The future of work’s rapidly changing landscape requires our students to be flexible in their learning, understanding, and application of knowledge. Because of this, teachers need to prepare students to deal with open-ended questions that require them to decide how to connect and apply content knowledge. In my classroom, I often integrate student choice to address this need. When faced with a problem that involves some level of choice, students have to internalize the problem, process their understanding of the material, and use the power of their choice to formulate a solution.

One of my favorite ways to give students choice while exposing them to open-ended problems is by integrating 3D design and printing into my lessons. After students investigate a concept to learn the basics, we kick it up a notch by looking at how additional changes can put a more personal stamp or artistic flair on the result. Each student decides how to connect and apply content knowledge to create their own design, explain what makes their design unique, and 3D print the design. Of course, 3D printing can be integrated into any discipline. Take an existing project and brainstorm how you can enhance or extend it by asking students to design a 3D object or 3D artwork that relates to the topic.

Projects are also a great place to give students choice, whether during project-based learning, an engineering design project, or a quick study of a content-related topic. Depending on the project, students can be given choice with the topic, the outcome, or the method of presentation. For both school and their future careers, students need to learn how to determine if they met the project requirements before they submit their work. Adding a peer editing/peer feedback step prior to submission can help students practice how to ensure their work meets given requirements.

As an example of a project with student choice, my Honors Geometry class recently took a quick look at the geometry and physics of the formation of snowflakes. The related project had two parts, both of which gave students the freedom to make choices. For the first part, I asked students to apply the science and math we learned to design and 3D print their own unique snowflake. Secondly, they explained the specific scientific details involved in the creation of their snowflake using art, writing, or video. Creativity in telling the story was encouraged, but not required.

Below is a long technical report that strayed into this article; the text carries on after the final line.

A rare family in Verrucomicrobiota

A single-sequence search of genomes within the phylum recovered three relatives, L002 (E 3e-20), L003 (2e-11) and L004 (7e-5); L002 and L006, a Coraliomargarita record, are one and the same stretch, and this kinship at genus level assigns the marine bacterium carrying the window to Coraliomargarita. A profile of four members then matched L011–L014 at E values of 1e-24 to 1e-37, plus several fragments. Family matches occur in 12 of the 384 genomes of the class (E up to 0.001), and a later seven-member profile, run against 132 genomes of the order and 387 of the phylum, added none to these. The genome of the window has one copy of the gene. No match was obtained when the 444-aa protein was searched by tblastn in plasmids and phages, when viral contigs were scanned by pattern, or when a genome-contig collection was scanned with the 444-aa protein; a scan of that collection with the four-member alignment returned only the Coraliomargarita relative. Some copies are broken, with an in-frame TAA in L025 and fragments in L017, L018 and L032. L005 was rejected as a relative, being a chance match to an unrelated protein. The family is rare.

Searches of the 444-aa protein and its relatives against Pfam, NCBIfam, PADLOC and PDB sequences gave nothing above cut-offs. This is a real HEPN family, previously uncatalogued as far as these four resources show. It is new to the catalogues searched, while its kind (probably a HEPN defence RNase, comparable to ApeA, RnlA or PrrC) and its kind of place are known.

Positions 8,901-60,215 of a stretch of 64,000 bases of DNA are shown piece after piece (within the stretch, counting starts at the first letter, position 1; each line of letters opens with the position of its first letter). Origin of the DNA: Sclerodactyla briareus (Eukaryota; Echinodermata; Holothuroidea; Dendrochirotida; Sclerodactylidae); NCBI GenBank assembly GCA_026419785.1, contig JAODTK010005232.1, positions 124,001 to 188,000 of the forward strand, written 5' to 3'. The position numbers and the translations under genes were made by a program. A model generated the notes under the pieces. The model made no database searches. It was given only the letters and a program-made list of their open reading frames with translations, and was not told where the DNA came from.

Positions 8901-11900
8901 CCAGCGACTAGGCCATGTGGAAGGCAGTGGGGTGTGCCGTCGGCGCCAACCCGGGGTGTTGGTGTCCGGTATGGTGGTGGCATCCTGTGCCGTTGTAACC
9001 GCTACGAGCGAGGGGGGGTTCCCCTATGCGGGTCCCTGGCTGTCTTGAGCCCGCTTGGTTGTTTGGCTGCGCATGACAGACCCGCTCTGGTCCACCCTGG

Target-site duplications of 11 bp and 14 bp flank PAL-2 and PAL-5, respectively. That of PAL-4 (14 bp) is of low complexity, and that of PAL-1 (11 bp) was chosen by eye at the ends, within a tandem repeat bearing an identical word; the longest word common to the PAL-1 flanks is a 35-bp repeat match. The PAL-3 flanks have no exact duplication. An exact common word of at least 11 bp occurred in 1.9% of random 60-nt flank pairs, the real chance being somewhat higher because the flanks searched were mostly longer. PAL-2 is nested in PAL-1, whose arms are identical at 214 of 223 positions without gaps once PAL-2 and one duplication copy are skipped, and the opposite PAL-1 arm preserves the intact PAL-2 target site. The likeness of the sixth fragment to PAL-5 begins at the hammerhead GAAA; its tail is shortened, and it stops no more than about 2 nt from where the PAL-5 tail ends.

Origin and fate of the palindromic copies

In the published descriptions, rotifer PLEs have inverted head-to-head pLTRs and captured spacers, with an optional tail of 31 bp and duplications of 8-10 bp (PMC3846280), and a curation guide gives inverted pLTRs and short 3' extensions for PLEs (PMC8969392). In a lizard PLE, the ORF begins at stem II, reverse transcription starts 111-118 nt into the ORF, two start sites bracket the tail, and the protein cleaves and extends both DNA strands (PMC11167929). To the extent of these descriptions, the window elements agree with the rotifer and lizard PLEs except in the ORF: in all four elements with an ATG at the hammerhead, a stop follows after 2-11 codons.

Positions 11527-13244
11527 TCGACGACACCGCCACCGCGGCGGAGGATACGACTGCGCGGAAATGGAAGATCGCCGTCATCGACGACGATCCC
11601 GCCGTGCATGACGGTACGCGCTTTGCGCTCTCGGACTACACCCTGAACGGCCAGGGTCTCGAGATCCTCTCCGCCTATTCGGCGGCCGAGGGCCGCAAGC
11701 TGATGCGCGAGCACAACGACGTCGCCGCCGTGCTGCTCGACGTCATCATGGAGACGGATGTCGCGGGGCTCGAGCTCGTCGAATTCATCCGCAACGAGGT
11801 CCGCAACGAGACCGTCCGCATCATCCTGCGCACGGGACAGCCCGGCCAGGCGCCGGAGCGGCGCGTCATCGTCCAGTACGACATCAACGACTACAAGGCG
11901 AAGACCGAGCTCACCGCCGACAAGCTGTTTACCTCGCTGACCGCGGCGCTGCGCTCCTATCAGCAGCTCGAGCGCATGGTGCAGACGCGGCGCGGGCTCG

Because projects are not an everyday occurrence in my class, I feel that it is also important to give students choice and open-ended problems during their daily classroom routine. While there are many ways to do this, reflection questions are a powerful option. Reflection questions can be as simple as, “Explain one concept that you learned in class yesterday?” They can even be used to help students begin to self-assess by asking questions such as, “What is one concept that you are not comfortable with, and what strategy do you plan to use to make better sense of it?” Websites such as GrokSpot.org, Microsoft Forms, or Google Forms can be used to pose reflection questions, collect responses, and even share responses with the class.

I also pose some open-ended questions during class and on assessments. Some of these questions ask students to choose which technology to use to demonstrate their understanding or justify their answer or thinking. But choice doesn’t imply complexity;  even a simple gesture like asking students to solve one problem from a group of similar problems gives students choice. Asking such open-ended questions gives students practice at thinking about a topic more deeply, formulating and justifying their answer, and even coming up with creative solutions.

To be prepared for the future of work, students need to gain more experience with determining how to solve open-ended questions and formulating and communicating answers that others will be able to easily comprehend. The more students work on these skills in our classrooms, the better prepared they will be for their future careers.

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